There's a scientific reason for the racism built into America's criminal justice system

From start to finish, the system reflects the problems and biases of the humans who run it

Published July 23, 2015 9:15AM (EDT)

  (istockphoto   allanswart)
(istockphoto allanswart)

This article originally appeared on AlterNet


For the last few days, President Obama has been touring the country, talking about the desperate need for criminal justice reform. This past Thursday, he became the first sitting president to visit a federal prison, a corrections facility in El Reno, Oklahoma. Two days prior, he spoke at the NAACP’s annual conference in Philadelphia.

Much of his speech was dedicated to discussing inequities in our country’s dispensation of criminal justice — he cited several statistics pointing to the disproportionate jailing of Latinos and African Americans — and the failings of a system that now houses nearly twice as many people as it did two decades ago. “[O]ur criminal justice system isn’t as smart as it should be,” the presidentsaid. “It’s not keeping us as safe as it should be. It is not as fair as it should be. Mass incarceration makes our country worse off, and we need to do something about it.”

A national conversation around criminal justice in the United States, a country that jails more of its population than any other country in the world, by percentage and in number, is long overdue. In his new book, Unfair: The New Science Of Criminal Injustice, Drexel University associate professor of law Adam Benforado looks closely at the science at work in our justice system. His research reveals that not only do race and class have a tremendous impact on access to justice, issues such as juror life experience and the fatigue level of parole boards can mean the literal difference between freedom and incarceration — and sometimes, life and death — for those who find themselves caught up in the system.

In an interview on NPR’s Fresh Air, Benforado discussed the heavy emphasis placed on confessions in convictions, despite the fact that they aren’t always reliable evidence of guilt. “[O]ne of the things we know from psychology is that juries place great, great weight in confessions,” says Benforado. “What we also know is that confessions can be a very bad way to convict a person. Sometimes we get it wrong.”

The Innocence Project, which is responsible for more than 330 exonerations,notes that “more than 1 out of 4 people wrongfully convicted but later exonerated by DNA evidence made a false confession or incriminating statement.” Saul Kassin, a professor of psychology at John Jay College of Criminal Justice who has dedicated much of his career to researching false confessions, told Time magazine in a 2013 interview that often, “[o]nce the confession is taken, it trumps everything else...its effects cannot be reversed.”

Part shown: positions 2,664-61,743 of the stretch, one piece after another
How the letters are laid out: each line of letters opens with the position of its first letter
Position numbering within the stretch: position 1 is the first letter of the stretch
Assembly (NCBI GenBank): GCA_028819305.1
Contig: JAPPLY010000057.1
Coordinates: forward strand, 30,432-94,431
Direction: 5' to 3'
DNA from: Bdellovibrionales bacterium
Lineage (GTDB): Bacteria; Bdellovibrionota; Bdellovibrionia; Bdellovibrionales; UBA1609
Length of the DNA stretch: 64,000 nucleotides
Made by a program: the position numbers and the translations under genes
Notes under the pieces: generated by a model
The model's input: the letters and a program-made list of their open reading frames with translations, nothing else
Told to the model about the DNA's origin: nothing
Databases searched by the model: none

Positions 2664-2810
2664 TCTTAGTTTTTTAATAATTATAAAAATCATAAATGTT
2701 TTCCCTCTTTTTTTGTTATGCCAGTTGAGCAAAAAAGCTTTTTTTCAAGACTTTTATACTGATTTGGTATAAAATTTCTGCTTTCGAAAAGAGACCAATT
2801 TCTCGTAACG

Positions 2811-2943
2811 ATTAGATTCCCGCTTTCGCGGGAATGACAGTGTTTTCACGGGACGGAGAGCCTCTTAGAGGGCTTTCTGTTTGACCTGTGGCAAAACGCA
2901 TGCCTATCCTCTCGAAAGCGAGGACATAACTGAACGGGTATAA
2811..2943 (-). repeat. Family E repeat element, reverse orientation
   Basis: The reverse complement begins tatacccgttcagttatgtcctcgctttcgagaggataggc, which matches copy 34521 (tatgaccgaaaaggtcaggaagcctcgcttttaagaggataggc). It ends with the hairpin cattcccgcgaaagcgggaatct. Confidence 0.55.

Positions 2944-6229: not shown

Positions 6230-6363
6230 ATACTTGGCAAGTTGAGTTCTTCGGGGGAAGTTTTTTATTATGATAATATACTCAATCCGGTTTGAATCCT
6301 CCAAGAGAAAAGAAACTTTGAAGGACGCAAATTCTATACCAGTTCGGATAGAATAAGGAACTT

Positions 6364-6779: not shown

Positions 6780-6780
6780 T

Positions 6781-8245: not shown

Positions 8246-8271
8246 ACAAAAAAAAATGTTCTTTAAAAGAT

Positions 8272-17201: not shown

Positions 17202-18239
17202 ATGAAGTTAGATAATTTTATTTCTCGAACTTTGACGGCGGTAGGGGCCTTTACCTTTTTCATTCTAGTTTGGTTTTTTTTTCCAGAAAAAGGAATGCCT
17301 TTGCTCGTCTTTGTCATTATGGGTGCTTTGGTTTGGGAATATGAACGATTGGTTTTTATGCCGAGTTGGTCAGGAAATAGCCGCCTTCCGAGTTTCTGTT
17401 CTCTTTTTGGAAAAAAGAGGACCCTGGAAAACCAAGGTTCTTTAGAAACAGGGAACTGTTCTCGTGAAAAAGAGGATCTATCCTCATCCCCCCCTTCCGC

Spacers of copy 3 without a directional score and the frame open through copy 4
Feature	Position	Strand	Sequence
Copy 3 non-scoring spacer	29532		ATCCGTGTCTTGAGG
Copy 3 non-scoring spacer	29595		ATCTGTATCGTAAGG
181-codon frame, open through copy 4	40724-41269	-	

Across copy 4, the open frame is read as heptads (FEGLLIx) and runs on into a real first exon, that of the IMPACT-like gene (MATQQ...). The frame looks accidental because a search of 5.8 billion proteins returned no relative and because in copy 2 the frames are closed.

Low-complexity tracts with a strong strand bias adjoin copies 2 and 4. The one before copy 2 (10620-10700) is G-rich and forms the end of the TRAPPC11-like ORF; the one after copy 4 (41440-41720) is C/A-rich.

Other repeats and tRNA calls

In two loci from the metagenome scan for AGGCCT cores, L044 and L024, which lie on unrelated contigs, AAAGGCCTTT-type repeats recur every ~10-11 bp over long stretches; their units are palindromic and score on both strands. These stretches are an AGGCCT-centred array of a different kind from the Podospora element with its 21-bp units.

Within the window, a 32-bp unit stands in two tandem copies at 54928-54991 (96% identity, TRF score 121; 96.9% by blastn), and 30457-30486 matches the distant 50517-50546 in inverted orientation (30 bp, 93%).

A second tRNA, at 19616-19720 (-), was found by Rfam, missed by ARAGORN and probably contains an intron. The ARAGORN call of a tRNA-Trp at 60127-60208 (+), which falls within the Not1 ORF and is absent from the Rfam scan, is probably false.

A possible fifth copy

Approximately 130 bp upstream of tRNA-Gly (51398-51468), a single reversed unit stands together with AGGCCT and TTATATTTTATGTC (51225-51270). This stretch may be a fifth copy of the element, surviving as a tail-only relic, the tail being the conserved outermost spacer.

A significant part of the problem is the way in which confessions are obtained. Benforado says the interrogation process is essentially divided into two parts. In the initial stage, police tend to focus on behaviors that might indicate a suspect is lying. However, the methods for determining deception are rooted in false ideas about body language and the use of leading lines of questioning.

“[Police] bring in the suspect, usually into a small, windowless room, and they ask them some provocative questions meant to reveal deceit," Benforado explains. "And the problem here is the things that detectives tend to focus on or are told to focus on, which are demeanor elements like jittery limbs or averted gaze, tend to actually be terrible ways to determine whether someone is lying. So quite frequently someone who's committed a horrible crime will look you straight in the eye and tell you that they're innocent.”

With this incredibly fallible means of establishing that a person is lying already in place, law enforcement officers move on to what Benforado considers the second stage of the interrogation. “And the focus there is simply on gaining an admission of guilt,” he says. “It's not primarily about collecting more information, revisiting that possibility that maybe this person didn't do it. It's all about getting to that admission that we need. And the techniques that are used here can be roughly summarized as sort of the classic good-cop, bad-cop routine, what's referred to as maximization and minimization. And we know from laboratory experiments that this can be highly coercive. And the people who are particularly vulnerable tend to be people with low IQs, people who are young, teenagers, people with a history of mental health problems.”

The ACLU points out why mental disability often leads to false confessions. As I wrote in a previous article about death row exonerations, mentally disabled people “are more likely to confess to crimes they didn’t commit in order to appease interrogators. Their limited mental competence makes them less capable of fully comprehending the law and their legal rights…[a]nd they are more easily coerced and bullied.” In a 2004 study of 125 false confessions — the most expansive published research on the issue to date — researchers found that “when suspects falsely confessed and then pled 'not guilty’ and proceeded to trial, the conviction rate was 81 percent.”

The clear takeaway here is that false confessions of guilt, while not terribly difficult to obtain, can be nearly impossible to undo or erase. The same study found that the overwhelming majority, 89 percent, of false confessions were observed in cases involving rape and/or murder. The prevalence of these sorts of false confessions was attributed to the “strong pressure on police to solve cases involving violent crime.”

As the proliferation of cellphones and other recording devices have helped prove the rates of police violence and brutality that communities of color have long contended existed, the push to visually document all interrogations has grown. Though the idea sounds like an ideal way to ensure that proper procedures and protocols are followed during questioning, Benforado points out that point-of-view — that is, whether we are seeing the interview through the eyes of the interrogator or the suspect — can create bias among those who view those recordings.